Two Kachin peace activists, May Sabe Phyu and Maran Jaw Gun, were today fined 40,000 Kyat ($40, £24), for violating Section 18 of Burma’s Peaceful Assembly and Peaceful Procession Law, The case took place at San Chaung Township Court, Rangoon.
They had taken part in a peaceful protest in Rangoon on the International Day of Peace 2012, highlighting how the Burmese government broke a ceasefire in Kachin State, Burma, in 2011. Tens of thousands of people have been forced to flee attacks by the Burmese Army since they broke the ceasefire, and the United Nations have documented human rights abuses which could be classified as war crimes and crimes against humanity.
May Sabe Phyu and Maran Jaw Gun were made to attend 140 different court hearings over a period of almost two years. Burma Campaign UK attended one court hearing in Rangoon last year.
The case highlights three tactics being used by the government of Burma to try to suppress dissent and protest, but at the same time give the appearance of change and avoid international pressure.
Tactic one: New laws billed as reforms but which don’t meet international human rights standards
Burma’s Peaceful Assembly and Peaceful Procession Law was hailed as a key reform of President Thein Sein. Originally dubbed the right to protest law, it has in fact been used to arrest hundreds of activists for peacefully protesting, with well over 100 brought to court, and dozens convicted. The law gives government authorities power to ban any protest, and is even more severe than one of the SLORC era laws it replaced. Martial Law Order 2/88 stated the government could ban gatherings of five people or more. The new law brought in by Thein Sein applies to gatherings of two people or more. In addition to this law being used to arrest and intimidate activists, almost every old repressive law remains in place, and other new laws brought in by Thein Sein also fail to meet international human rights standards.
Tactic two: multiple court hearings
The 140 court appearances are due in part to the inefficiencies of Burma’s justice system, and the fact that separate charges were made for each township the protest went through. However, the repeated refusal to consolidate cases into one, and the vast number of court hearings, some of which lasted only seconds, are part of a pattern of attempted intimidation designed to serve as a warning to others who might consider publicly protesting against government policies.
Tactic three: fines and shorter sentences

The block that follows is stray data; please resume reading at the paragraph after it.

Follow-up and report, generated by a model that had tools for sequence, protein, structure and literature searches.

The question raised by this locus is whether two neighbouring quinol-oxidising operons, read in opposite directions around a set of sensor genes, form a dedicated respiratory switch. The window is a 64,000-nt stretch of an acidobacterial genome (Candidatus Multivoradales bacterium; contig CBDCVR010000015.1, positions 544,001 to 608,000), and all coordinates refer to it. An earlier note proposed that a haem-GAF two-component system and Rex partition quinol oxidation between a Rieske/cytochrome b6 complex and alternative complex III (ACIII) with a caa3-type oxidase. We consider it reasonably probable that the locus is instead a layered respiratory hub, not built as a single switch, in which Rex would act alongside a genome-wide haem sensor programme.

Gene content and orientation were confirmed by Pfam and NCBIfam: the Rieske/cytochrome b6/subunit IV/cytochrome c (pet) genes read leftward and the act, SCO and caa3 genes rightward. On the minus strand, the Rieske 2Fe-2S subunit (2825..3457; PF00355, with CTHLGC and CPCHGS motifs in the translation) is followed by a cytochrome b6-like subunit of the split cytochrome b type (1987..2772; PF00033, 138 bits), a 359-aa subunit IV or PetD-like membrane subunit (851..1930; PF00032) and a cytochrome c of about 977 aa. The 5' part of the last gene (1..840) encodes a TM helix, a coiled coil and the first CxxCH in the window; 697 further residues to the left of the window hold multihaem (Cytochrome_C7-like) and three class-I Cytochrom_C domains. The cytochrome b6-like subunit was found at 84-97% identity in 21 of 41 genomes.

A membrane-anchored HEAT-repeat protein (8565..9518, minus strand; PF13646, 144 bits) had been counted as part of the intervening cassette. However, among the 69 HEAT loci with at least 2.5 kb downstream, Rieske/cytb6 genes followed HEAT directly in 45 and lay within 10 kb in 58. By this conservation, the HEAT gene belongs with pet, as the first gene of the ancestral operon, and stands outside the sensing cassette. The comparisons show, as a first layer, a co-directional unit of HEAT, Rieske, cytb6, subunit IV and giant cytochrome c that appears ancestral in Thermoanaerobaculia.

Aware of the negative international impact of long prison sentences given to peaceful activists, shorter sentences and fines and now being given to some activists, especially those cases where there is greater attention from diplomats and media. In this way the government hopes to be able to continue intimidating activists while avoiding negative international attention. It could be argued that political activists receiving fines and shorter prison terms, rather than the sentences lasting several decades which used to be commonplace, is a positive step forward. The arrest and/or sentencing of any human rights activist for peacefully protesting against government policies is unacceptable, no matter what the sentence is. It is designed to intimidate and to suppress dissent. It is part of a pattern of continuing repression and should be unequivocally condemned as such. Failure to do so encourages the government to continue its repressive policies.
“May Sabe Phyu and Maran Jaw Gun spent almost two years in fear of being jailed, attending court cases more than once a week, and have now been fined and have a criminal conviction, all for organising a peaceful protest for peace,” said Mark Farmaner, Director of Burma Campaign UK. “This case highlights new laws and tactics being used by the government of Burma to suppress dissent while trying to avoid international pressure. Sadly, these tactics are working, with the British government and others still unwilling to take off their rose-tinted glasses when dealing with Thein Sein and his government.”
May Sabe Phyu and Maran Jaw Gun
Mark Farmaner, Khon Ja, Ningli Hkawn, Maran Ja Seng Hkawn, May Sabe Phyu, Ivan Lewis MP, Maran Jaw Gun and Anna Roberts outside one of the court hearings in Rangoon 2012.